So, I ask again, why is the race card still fashionable in our day and age? Edward Said himself is a good clue to that, but I will provide a different example, one from the history of the state of Israel. The first decades of Israel, the 1950’s and 60’s and a little beyond, were marked by difficulties in integrating the olim (immigrants to the Holy Land) from the lands of Islam, who had fled after riots and total dispossession (the true dispossession that the anti-Zionists prefer to ignore). There were many gaps to bridge, the most obvious being the racial one: Oriental Jews having come to a state set up and governed mainly by European Jews. There were differences of mentality, there was the thorny question of religiosity (the Oriental Jews were nearly all religious, while the European Jews were secular), and there was the feeling of inequality and inability to climb the social ladder. Those who remember those days can recall their being sprayed with DDT on their arrival and the long years spent in temporary housing. Intermarriage between Oriental and Occidental Jews was often a problem, as depicted in the film Kazablan, where Yehoram Gaon plays a Moroccan Jew falling in love with the daughter of the Polish-Jewish mayor. There was the complaint that the “Buzaglo Test”, the test of equality before the law (Buzaglo is a common surname for Moroccan Jews), was failed every time. Those were the days until about the middle of the 1970’s.
What now? As of writing, we have a Persian Jew for a president, being subject to the same law as anyone else (for better or worse… right now for worse), and the head of the Labor Party is a Moroccan Jew, and many of the members of parliament are Oriental Jews, and the only thing preventing an Oriental Jewish Prime Minister is the voters’ say, same as with a European Jewish candidate. Intermarriage is commonplace, and the temporary housing is now the stuff an Oriental Jew tells his children or grandchildren about, in a house that is of the same sort as anyone else’s.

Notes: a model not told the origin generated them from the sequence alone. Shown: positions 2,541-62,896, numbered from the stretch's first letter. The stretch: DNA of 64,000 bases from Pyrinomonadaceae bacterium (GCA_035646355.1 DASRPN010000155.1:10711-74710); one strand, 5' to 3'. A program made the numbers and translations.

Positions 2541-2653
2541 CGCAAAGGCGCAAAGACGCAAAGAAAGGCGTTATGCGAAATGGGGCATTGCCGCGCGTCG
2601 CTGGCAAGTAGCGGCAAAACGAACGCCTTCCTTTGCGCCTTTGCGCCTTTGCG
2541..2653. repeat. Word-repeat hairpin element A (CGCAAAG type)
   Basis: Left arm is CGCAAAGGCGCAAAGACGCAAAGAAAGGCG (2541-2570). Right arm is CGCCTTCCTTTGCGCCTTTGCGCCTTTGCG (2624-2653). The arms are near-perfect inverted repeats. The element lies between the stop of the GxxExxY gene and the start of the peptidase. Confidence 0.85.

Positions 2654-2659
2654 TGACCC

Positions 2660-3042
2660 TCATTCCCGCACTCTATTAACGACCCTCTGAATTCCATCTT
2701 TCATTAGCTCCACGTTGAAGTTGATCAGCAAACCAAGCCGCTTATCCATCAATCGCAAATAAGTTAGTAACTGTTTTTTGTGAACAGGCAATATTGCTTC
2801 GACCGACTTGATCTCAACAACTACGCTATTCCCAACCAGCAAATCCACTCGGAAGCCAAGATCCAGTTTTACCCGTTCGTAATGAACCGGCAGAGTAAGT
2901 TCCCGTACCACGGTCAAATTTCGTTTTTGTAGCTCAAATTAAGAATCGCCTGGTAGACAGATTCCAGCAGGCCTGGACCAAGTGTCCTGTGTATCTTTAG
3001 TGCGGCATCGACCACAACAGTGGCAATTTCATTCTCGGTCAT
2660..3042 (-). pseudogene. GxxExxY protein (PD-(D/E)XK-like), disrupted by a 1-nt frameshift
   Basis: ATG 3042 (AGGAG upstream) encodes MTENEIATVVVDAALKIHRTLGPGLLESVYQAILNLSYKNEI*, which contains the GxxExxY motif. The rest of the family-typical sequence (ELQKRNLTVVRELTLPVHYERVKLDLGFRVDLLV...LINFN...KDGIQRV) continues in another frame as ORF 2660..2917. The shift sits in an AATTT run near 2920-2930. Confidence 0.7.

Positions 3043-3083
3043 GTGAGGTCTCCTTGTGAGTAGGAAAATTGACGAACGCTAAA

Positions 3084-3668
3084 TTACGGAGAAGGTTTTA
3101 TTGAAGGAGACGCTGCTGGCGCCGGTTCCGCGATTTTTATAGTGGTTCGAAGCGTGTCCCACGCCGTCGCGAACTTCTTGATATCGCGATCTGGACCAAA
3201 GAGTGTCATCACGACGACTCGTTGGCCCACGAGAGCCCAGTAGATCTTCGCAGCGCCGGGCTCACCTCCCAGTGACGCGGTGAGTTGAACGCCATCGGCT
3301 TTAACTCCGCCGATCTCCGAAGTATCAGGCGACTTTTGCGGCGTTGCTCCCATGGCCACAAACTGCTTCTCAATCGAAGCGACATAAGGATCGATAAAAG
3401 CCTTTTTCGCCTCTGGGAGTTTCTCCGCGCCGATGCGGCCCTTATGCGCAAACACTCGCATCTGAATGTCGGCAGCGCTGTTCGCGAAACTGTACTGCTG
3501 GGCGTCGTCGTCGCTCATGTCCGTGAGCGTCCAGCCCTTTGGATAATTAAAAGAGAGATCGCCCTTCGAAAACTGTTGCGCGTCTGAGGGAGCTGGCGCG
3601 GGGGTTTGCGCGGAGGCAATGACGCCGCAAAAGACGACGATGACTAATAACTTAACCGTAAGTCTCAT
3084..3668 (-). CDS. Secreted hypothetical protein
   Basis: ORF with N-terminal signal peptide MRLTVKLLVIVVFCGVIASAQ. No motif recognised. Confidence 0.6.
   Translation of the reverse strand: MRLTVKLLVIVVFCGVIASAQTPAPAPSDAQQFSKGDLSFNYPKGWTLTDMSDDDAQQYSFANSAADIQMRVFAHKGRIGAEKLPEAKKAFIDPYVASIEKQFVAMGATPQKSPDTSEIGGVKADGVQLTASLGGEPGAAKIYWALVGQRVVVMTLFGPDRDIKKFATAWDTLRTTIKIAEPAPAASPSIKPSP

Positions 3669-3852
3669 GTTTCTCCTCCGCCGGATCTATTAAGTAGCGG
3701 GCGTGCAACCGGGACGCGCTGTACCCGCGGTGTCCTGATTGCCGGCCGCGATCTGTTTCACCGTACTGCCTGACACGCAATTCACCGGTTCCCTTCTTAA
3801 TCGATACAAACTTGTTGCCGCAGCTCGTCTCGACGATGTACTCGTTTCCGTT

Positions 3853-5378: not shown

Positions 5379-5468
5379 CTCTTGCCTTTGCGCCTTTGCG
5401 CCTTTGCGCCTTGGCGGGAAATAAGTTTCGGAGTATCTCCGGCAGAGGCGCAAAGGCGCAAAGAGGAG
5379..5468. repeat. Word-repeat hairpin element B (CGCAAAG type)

Yet there are still some who play the race card. Some politicians. Politicians who talk about racism, even “institutional racism”, as though over thirty years had not passed since it really was that way. Those politicians foment gratuitous hatred (sin’at chinam) among Jews in order to increase their votes. They are spillers of blood (for that is what our sages say sin’at chinam amounts to), and may HaShem have mercy on them for their grievous sin. They know who they are.
Our age shows in utmost clarity why our sages had scathing words for those who profited from stoking the flames of hatred toward their brothers: not just from the Jewish viewpoint, but we see, worldwide, that the West is being assaulted by those whose very modus operandi is to profit from divisions, discord and hatred. The Left (most of it today; there are some exceptions, remnants from the days of FDR) claims to be for equality and against class warfare and racial discrimination; in reality, it thrives on such divisions, without which it would have no platform for action. Without the pretext of racial discrimination, for example, Mike Stivic would no longer be able to occupy his time with “solving the black problem”, and instead would have to content himself with talking with Lionel about the weather, as one episode had it (“Why not? Blacks have weather too, don’t they?”, was Lionel’s classic retort).